I was at a large birthday bash in celebration last weekend and as the afternoon progressed everyone got a little loose. Our discussion turned to the “evil twin” of one of the party goers. His twin is the one that makes poor decisions when he’s had a few. Whilst we were having a laugh, it reminded me of other similar examples to the evil twin.
My husband calls it “Last Night Pete" (we’re giving him a pseudonym, he’s not really Pete). For those that aren’t familiar with Last Night Pete, that’s the version of Pete that made that poor decision to do something that felt good in the moment. Present day Pete often regrets decisions made by Last Night Pete. Last Night Pete didn't recognise the limits to living in the present.
With mindfulness being in vogue right now, we’re bombarded with the advice to "live in the present moment" and statements like “you only have now.”
Being present requires us to let go of distractions, quiet the noise of our minds, and immerse ourselves in the here and now. By practising mindfulness and awareness, we become attuned to the beauty and richness of each passing moment. Simply put, being in the moment makes us feel fully alive.
But we can’t always sacrifice the past and the future for our present. Although the advice to live in the moment comes from a good place, it is one-dimensional and fails to grasp the need for nuance and the reality of what’s required to live the most fulfilling life possible.
The limits of living in the moment
As a psychotherapist, you’ll often hear me share that everything has a boundary. That’s true for the anxiety we feel, the headaches we experience, and the benefits we get from living in the moment.
While correctly aligned actions in the present move us forward, misguided efforts in the present drag us down. Correcting ourselves without visiting our past and visioning our future is difficult, if not impossible.
If you’re struggling to believe this statement, consider the need from the point of view of someone living with an addiction.
A person with a gambling addiction may only be aware of their discomfort when deciding to self-soothe with another bet. That person will use gambling as a tool to soothe feelings and emotions such as boredom, anger, guilt, shame or frustration. They cannot overcome their addiction as long as they only live in the present. Doing so would require them to learn from their past and recognise the consequences of their actions on their future.
Living only in the present hinders our progress
We need the past and the present to make better decisions in the moment. Whether we’re trying to stop procrastinating, build our business or career, or become better parents. Solely fixating on the present moment can lead to a myopic view of life.
The goal isn’t to ignore the present, but to live in the present, embrace the past and engage with the future to propel ourselves and our vision forward.
The Wisdom of the Past
Our past experiences, both positive and negative, shape us into who we are and fill our pool of wisdom. By reflecting on and learning from our experiences, even the painful ones, we gain invaluable insights that can guide us in the present.
For the person with a gambling addiction, looking into the past helps them understand where their actions stem from and how they got to where they are today. They can then bring that wisdom to the present moment and take action in the present that aligns with the person they want to become.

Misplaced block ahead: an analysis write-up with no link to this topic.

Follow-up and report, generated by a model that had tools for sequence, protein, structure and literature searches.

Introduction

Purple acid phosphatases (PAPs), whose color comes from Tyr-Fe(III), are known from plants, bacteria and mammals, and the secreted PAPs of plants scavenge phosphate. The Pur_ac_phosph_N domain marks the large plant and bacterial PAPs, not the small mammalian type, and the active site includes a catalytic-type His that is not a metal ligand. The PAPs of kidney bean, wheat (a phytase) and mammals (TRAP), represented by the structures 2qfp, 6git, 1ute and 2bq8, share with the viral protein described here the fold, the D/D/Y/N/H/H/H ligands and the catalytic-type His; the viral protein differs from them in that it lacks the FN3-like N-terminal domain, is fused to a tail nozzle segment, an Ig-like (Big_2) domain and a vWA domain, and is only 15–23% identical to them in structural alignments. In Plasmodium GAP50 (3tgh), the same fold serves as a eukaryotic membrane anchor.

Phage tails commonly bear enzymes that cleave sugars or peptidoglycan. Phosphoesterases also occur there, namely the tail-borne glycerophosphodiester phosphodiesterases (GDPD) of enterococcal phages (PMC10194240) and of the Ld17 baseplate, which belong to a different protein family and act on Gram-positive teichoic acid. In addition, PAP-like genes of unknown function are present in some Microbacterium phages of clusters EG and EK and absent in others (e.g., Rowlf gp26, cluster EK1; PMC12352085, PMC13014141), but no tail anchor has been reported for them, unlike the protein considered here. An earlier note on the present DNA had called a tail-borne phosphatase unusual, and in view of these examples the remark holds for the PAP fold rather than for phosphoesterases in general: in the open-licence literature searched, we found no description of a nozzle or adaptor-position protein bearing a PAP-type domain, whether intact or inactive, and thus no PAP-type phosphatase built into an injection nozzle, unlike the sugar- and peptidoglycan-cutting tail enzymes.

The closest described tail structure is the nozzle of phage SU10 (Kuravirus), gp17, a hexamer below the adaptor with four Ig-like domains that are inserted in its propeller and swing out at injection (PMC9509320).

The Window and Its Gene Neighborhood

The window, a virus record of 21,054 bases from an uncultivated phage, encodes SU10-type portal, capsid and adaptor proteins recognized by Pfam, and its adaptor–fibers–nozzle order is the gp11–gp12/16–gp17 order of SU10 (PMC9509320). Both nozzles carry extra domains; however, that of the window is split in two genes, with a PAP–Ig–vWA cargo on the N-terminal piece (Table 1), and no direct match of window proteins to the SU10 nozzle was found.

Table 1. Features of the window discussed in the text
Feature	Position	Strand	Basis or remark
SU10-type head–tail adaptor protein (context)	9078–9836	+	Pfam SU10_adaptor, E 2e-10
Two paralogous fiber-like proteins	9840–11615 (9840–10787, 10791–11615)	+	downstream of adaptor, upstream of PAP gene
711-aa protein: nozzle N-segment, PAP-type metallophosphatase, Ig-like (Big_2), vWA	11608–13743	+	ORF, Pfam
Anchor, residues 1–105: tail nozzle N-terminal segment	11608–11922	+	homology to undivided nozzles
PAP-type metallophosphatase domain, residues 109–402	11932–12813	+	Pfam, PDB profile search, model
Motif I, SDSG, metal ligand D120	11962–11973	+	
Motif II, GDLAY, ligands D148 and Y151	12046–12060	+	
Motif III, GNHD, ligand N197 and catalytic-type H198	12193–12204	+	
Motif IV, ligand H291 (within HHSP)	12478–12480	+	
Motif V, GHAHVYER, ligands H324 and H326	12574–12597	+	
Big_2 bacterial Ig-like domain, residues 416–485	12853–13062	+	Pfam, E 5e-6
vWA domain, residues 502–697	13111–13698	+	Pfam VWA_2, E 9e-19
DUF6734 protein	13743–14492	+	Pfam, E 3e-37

Acknowledging our experiences, mistakes, and failures allows us to grow and evolve.
Yes, dwelling on the past can trap us in regret, resentment, or nostalgia. All of which, in excess, stop us from making progress.
By embracing vulnerability and self-compassion, we free ourselves from the burden of shame and regret and can inspect our past more objectively. Facing our past with empathy and understanding makes growth possible.
The Possibilities Of The Future
While the past is the source of wisdom, we get our dreams and aspirations from the future. We can set goals and envision the life we desire to give us direction, purpose, and a sense of meaning.
By nurturing our dreams, we tap into our innate creativity and allow our imaginations to run. We create a vision for the life we want to live.
Our future provides us with consequences for our actions. A person with an addiction can make better decisions when considering their impact. They consider the future costs of giving in to the discomfort and are motivated by the benefits of saying no.
The future allows us to correct in hindsight. Ignoring the future can leave us stagnant, unfulfilled, and disconnected.
At the same time, spending too much of our time in the future means we’re unlikely to make our aspirations come true. Ideally, we want to cultivate a balance between the past, the present and the future.
Integrating Past, Present, and Future
Being aware of the tenses of time allows us to navigate life's challenges and opportunities with grace and resilience. It will enable us to develop the capacity to learn from our experiences, embrace the beauty of each moment, and actively shape the life we envision.
Finding a balance between the past, present, and future is not about perfection. It is about embracing the messiness and imperfections of our human experience. We can cultivate gratitude for the interconnectedness of these dimensions.
The past has led us to the present, and the present is shaping our future. Each moment is interwoven with the others, providing the foundation for growth, transformation, and possibility.
Have a winning day!